The Power To Believe

King Crimson

Sanctuary Records, 2003

REVIEW BY: Roland Fratzl


There is no doubt that King Crimson is one of the most respected progressive rock bands in history. The band made an immediate impact in 1969 with their debut album, In The Court Of The Crimson King, and while they have never again matched that album's commercial success, they have managed to retain their unique approach to composition and unmistakable signature sound on dozens of releases since then.

The only human constant since the founding of King Crimson has been Robert Fripp, who has always been the leader and chief visionary despite countless changes in personnel over the last 35 years. His diverse and endlessly experimental guitar playing has always been the cornerstone of King Crimson, and that tradition continues in fine form on their 2003 studio album, The Power To Believe.

There are only 2 things that a listener can always expect from this band: 1) a distinct sound that sets them apart from all other bands, and 2) highly complex musicianship. At times on past albums, the musical complexity overwhelmed the art of songcraft, and the result was a listening experience that occasionally would be intriguing, but not particularly engaging or memorable. The Power To Believe manages to balance both of these qualities very well, and thus it holds up exceptionally to repeated listening instead of being a one shot curiosity.

Fellow avant-garde guitarist Adrian Belew once again is present as the band's lead vocalist, a position he has held since 1981. Rounding out the line-up in addition to Belew and Fripp are Trey Gunn (bass, stick), and Pat Mastelotto (drums, percussion).

From the opening a capella version of "The Power To Believe," which features a soft, sentimental vocal melody from Belew sung through a synthesizer of some type, to the final track, a string laden reprisal of the opening melody called "The Power To Believe IV: Coda," the album takes you on a turbulent journey showcasing the vintage schizophrenic King Crimson sound coupled with modern, cutting-edge production.my_heart_sings_the_harmony_web_ad_alt_250

The perfect example of this schizophrenic sound that I speak of is the instrumental track "Level Five," a multi-part epic that begins with slow, thunderous Black Sabbath-type guitar riffing and then features clean, watery guitar noodling of typical unconventional melody before morphing into a series of blisteringly fast jazzy leads over an explosive line of harsh sounding bursts of distorted electronic percussion and guitar.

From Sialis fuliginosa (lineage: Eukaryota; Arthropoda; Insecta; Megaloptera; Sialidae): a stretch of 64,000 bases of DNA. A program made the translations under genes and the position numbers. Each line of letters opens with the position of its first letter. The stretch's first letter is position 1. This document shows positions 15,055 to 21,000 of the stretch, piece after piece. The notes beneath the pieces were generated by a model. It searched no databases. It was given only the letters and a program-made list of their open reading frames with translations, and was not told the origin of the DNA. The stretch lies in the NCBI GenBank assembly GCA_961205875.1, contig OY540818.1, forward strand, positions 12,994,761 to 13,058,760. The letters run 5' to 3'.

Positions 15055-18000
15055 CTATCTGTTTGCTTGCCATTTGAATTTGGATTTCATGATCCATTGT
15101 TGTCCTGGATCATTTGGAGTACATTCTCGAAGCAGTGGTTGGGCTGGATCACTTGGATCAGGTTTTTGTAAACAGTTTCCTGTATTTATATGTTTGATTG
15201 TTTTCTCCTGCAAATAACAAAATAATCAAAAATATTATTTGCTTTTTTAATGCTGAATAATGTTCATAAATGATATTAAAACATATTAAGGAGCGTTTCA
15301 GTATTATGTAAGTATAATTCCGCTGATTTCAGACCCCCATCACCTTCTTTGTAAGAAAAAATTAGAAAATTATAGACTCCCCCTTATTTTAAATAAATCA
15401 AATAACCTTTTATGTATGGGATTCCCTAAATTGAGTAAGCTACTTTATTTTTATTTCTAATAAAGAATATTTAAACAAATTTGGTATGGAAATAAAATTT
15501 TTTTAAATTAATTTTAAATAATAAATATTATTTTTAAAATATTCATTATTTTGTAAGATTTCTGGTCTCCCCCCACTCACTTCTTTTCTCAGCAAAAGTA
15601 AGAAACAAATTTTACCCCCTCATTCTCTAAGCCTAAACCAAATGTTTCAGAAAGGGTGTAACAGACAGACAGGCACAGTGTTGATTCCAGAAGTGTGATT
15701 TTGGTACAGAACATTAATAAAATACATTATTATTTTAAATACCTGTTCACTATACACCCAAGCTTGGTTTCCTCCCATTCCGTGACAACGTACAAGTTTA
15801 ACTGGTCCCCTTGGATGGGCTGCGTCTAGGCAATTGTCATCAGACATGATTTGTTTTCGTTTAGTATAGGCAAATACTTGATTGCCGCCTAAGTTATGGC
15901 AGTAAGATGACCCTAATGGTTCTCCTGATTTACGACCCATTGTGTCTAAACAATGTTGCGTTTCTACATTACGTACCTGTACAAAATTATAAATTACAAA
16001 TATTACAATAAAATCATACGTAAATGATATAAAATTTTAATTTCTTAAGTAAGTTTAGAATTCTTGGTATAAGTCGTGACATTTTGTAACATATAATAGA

The atmosphere on the album is awash in eeriness, as dark melodies interweave with the often dreary and occasionally brutal sounds. Even the songs that have pop influenced vocal hooks and a minimum of experimental freak-outs, such as the catchy "Eyes Wide Open" still have an uneasy undercurrent.

Going back to the wonderful balance that King Crimson has found here, you will notice a clear divide between mellower, often instrumental tracks and extremely heavy tracks loaded with distorted riffs that would make Tony Iommi proud. Examples of the mellower style are the exotic and eastern tinged "The Power To Believe II," and the predominantly keyboard-driven "Dangerous Curves," which is one of the few King Crimson songs that I can think of that has a linear groove and a steady, danceable beat running through it. It's quite a musical departure for the band, and very refreshing to see that they are capable of restraint when they want to, and just let a simple, catchy groove propel a song. In a very positive way, "Dangerous Curves" sounds like a reworked version of the Knight Rider theme.

While songwriting, musicianship, and performance are of uniform superb quality throughout the album, the personal standouts for me are the tracks "Facts Of Life" and "Happy With What You Have To Be Happy With." The former features a very powerful and angry vocal melody amid the carnage of electronic noises, distorted atonal riffs, and crashing industrial rhythms. The bridge in particular is incredible, with extremely demanding and eclectic drumming in a variety of strange time signatures by Mastelotto (can you believe this guy used to be in Mr. Mister??), a searing solo on guitar (or what I assume is a guitar) that sounds both like a ringing alarm bell and the hum of some type of heavy machinery, and bass work that at times brings to mind stomach growling.

As of right now I am so impressed by the sheer dynamism contained within every second of The Power To Believe that I'm willing to say that this could very well be King Crimson's finest moment, and for a band legendary for their musical excellence and ability to think outside the box for the past 35 years, this is truly a magnificent feat. There are very few, if any, bands of King Crimson's age that are still able to create challenging, forward thinking, and relevant music with such success.

Far from being washed up and playing the oldies circuit or casinos like most of their contemporaries, King Crimson are distinctly working at a high art level and evolving in fresh new directions. In 2001 they toured extensively, opening up for the massively popular band Tool, who themselves gather much inspiration from King Crimson. Such exposure guarantees a brand new and younger audience for these seasoned veterans, and I hope that they manage to capitalize on their newfound "hipness" with this extremely strong album. Anyone looking for experimental and diverse heavy rock simply cannot go wrong with The Power To Believe.

Rating: A

User Rating: C


© 2003 Roland Fratzl and The Daily Vault. All rights reserved. Review or any portion may not be reproduced without written permission. Cover art is the intellectual property of Sanctuary Records, and is used for informational purposes only.